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The Supreme Court will on Friday decide the criteria for admitting OBC students to central institutions like Delhi University and Jawaharlal Nehru University under the 27% quota provision, an issue over which there seems to be considerable confusion.
Justices P. Sathasivam and A. K. Patnaik will address a specific ambiguity should the cutoff for OBCs be 10% less than the cutoff marks for general category or should it be 10% less than the eligibility marks for general category students While cutoffs for general students are very high it touched 100% in the first list at a DU college this year in most institutes, the admission eligibility criteria for general candidates is 50% marks and OBC candidates who score over 40% are considered for admission under the Central Educational Institutes (Reservation in Admission) Act, 2006. Citing a constitution bench judgment, senior advocate Indu Malhotra on Wednesday argued that the criteria was to be 10% less than the last cutoff mark for general category candidates. She said JNU was flouting this norm by admitting students who had scored 10% less than the eligibility criteria for general category. Senior advocate A. Mariarputham and Counsel Sanjay Parikh argued that if the cutoff criteria are followed, no OBC candidate would get admission and the seats would have to be offered to general student’s category defeating the purpose of the reservations. Under the 2006 Act, the central educational institutes were asked to increase their seats to accommodate OBC candidates without reducing the intake of general category candidates. In the 2008 judgment in Ashoka Thakur case, the apex court had upheld the constitutional validity of 27% quota for OBC candidates but had warned against dilution of merit. Two judges had recommended lowering the eligibility criteria for OBC candidates by 5% marks, while Justice Dalveer Bhandari was in favour of reducing it by 10% from the cutoff prescribed for general category. A constitution bench in 2009 attempted to clear the air, saying it should be fixed at 10% less than the cutoff prescribed for general candidates. But it appears the confusion between the cutoff and eligibility criteria continues to persist. The argument of OBC candidates is that the central educational institution cannot shut the doors of admission to OBCs by resorting to the last cutoff of admitted general category candidates, which would make most backward class students ineligible for higher studies.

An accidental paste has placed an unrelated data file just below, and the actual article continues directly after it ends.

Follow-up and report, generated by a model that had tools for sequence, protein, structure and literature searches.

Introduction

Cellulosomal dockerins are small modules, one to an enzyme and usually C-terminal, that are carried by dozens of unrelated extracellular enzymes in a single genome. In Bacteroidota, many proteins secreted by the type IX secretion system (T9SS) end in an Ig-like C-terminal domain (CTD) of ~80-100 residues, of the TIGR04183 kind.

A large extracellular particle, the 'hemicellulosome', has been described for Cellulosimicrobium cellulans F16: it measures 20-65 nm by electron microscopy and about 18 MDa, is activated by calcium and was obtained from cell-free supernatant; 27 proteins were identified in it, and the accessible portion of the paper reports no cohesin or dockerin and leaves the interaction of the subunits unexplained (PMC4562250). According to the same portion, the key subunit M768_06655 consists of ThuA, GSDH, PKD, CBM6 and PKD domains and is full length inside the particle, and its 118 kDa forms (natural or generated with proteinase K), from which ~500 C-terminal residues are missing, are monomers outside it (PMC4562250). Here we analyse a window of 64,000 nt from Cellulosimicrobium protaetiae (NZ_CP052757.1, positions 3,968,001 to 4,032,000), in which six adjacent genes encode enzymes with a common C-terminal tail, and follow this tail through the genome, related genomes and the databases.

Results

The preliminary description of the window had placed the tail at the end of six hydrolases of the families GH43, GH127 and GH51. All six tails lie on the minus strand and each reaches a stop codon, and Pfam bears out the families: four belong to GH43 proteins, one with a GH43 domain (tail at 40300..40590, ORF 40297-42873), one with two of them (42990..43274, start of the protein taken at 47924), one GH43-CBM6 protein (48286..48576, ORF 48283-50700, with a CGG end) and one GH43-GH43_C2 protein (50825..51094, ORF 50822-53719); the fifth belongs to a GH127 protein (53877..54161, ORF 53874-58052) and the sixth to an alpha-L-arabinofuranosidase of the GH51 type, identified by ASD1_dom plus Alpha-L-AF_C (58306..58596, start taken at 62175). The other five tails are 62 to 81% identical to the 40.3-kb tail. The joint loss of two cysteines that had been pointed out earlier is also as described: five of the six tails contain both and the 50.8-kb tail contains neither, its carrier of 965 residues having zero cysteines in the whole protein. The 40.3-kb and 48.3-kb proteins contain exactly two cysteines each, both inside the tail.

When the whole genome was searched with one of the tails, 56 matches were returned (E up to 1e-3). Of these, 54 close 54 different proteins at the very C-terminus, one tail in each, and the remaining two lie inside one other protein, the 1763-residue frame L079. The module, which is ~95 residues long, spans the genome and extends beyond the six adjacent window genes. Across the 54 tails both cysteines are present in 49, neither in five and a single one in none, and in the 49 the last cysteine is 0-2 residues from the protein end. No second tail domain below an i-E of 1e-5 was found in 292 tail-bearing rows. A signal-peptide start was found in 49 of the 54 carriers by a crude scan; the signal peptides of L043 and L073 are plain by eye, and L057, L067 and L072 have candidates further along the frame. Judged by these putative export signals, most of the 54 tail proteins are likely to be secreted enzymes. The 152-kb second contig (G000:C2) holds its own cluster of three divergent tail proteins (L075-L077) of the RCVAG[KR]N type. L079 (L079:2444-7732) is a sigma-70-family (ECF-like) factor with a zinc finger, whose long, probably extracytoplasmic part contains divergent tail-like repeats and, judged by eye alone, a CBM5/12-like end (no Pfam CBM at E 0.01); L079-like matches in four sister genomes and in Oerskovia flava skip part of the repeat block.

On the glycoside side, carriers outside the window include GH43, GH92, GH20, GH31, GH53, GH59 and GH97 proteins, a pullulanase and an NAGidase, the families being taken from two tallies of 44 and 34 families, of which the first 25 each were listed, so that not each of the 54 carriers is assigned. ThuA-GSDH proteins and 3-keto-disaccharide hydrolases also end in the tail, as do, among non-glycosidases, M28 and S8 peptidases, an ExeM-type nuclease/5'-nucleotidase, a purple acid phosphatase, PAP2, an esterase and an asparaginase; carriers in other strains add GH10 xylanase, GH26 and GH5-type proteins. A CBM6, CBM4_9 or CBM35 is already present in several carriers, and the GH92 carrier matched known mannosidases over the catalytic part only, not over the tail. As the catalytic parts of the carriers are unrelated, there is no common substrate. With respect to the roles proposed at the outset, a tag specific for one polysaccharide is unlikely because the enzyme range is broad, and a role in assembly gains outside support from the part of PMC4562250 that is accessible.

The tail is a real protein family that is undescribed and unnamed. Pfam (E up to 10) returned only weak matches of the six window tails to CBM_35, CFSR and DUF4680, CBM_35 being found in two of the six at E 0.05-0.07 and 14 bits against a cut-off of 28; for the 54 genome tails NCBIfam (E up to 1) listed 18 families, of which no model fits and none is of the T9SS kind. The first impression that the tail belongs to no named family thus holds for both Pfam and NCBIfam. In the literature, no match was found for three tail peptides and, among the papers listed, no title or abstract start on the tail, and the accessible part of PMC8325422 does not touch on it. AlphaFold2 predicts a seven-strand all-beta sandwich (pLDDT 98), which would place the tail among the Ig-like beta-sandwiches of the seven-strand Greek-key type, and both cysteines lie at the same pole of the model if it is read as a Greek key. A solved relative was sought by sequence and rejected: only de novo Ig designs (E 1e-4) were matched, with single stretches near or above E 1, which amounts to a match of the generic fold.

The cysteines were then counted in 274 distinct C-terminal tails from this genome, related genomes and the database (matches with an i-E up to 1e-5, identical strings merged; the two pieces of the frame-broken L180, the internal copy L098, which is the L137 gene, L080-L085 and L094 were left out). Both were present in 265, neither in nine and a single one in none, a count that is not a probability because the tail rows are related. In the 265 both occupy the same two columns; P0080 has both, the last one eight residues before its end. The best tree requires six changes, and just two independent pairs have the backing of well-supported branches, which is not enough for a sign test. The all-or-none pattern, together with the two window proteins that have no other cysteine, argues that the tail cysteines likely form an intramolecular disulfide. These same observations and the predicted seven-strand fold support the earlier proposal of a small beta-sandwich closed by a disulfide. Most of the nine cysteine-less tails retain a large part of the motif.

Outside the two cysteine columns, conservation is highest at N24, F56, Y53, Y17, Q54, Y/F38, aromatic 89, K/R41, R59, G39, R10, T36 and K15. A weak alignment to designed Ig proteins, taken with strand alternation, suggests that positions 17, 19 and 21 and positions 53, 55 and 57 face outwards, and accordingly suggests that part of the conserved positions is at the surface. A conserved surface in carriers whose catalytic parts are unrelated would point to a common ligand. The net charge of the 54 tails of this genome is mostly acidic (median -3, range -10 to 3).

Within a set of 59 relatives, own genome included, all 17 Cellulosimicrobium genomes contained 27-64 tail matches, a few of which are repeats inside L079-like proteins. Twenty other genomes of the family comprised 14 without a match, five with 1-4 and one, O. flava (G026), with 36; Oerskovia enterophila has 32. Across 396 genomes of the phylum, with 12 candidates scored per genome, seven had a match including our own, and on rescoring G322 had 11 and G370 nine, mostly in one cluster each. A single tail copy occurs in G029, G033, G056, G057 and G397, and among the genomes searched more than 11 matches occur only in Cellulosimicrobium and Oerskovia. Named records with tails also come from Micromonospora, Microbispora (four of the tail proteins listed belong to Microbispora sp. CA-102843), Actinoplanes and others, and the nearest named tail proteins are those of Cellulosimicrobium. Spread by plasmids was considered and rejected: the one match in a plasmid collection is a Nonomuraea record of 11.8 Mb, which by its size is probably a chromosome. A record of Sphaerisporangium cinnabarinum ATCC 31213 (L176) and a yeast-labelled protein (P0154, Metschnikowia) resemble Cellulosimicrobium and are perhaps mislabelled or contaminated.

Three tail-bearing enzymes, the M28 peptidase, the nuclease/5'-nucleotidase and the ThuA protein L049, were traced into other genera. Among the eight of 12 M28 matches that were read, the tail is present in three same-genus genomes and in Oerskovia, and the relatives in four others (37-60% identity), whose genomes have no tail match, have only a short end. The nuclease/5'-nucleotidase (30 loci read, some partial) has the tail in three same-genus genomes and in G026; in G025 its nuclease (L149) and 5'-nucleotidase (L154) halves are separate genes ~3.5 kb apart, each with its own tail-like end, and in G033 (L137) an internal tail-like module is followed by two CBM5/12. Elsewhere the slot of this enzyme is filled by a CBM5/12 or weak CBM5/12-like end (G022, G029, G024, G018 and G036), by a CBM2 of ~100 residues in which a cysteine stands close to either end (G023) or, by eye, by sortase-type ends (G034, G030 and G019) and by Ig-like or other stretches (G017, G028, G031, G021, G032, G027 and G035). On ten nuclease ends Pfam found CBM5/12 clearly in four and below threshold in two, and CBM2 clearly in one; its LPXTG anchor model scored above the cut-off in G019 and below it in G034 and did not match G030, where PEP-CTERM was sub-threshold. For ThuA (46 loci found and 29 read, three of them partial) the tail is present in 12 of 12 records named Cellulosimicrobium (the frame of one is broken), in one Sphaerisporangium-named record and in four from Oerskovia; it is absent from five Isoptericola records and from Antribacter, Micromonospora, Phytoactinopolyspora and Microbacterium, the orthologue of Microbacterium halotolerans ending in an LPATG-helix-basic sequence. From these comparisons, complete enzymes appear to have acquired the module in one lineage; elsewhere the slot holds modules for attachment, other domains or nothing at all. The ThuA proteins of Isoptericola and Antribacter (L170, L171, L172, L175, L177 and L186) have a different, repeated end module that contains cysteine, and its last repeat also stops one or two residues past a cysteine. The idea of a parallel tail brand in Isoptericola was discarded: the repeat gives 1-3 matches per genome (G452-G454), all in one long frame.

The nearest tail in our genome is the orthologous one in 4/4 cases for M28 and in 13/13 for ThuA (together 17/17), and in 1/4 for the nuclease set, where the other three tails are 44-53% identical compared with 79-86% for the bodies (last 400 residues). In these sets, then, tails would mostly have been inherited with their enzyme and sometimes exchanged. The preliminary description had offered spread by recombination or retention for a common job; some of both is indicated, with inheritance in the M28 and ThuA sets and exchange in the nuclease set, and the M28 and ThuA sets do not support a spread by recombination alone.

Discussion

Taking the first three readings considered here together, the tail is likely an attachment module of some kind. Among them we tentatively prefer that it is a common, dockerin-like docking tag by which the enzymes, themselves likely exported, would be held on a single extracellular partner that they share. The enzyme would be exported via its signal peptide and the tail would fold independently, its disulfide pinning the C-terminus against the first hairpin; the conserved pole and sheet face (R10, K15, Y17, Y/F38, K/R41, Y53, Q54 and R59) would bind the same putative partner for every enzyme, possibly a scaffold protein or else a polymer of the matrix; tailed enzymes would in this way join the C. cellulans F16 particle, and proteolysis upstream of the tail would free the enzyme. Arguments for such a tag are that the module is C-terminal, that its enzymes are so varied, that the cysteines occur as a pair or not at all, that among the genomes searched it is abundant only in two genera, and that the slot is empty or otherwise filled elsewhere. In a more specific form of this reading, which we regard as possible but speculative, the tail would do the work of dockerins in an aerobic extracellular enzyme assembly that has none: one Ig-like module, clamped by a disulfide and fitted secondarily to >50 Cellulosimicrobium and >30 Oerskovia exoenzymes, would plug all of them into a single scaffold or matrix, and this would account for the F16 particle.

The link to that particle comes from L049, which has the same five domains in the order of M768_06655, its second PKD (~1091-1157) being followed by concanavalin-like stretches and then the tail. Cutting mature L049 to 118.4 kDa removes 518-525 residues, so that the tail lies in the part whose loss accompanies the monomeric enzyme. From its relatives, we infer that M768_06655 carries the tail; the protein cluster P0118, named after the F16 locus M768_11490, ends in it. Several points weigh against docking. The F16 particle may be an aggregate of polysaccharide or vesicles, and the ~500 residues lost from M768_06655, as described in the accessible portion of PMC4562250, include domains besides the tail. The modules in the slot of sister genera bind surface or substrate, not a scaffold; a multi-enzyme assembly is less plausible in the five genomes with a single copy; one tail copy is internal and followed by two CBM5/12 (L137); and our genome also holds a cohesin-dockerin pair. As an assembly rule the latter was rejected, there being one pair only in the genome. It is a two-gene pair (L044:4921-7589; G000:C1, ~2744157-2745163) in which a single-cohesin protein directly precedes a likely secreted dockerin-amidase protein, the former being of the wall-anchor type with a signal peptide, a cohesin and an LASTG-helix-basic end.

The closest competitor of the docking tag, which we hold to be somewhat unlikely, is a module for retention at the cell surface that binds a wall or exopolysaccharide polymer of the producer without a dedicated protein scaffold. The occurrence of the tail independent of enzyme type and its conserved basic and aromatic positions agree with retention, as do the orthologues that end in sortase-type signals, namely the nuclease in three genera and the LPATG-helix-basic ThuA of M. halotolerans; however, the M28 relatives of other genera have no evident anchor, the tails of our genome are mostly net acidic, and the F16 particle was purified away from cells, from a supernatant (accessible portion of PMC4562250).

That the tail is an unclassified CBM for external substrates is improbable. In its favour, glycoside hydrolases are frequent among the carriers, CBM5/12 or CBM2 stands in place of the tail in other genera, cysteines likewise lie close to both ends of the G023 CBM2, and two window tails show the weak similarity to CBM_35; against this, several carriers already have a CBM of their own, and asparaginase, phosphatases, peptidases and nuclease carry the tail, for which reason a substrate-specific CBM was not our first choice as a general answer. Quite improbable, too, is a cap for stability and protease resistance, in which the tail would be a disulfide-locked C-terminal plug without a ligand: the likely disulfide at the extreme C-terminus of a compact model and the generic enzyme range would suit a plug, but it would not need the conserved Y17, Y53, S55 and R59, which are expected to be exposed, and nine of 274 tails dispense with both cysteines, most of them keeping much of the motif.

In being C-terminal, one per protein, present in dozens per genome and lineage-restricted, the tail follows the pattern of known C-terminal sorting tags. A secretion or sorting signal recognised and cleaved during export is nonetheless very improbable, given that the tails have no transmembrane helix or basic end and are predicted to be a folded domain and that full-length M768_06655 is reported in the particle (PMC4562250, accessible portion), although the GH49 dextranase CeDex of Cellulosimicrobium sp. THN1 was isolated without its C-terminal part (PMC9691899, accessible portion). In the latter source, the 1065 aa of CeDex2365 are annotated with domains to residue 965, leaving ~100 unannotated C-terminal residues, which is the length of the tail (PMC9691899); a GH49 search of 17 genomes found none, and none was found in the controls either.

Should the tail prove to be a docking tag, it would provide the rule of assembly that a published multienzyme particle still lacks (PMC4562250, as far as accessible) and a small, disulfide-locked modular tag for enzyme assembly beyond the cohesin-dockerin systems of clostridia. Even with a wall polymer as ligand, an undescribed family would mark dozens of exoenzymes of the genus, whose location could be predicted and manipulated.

Courtesy: Times of India
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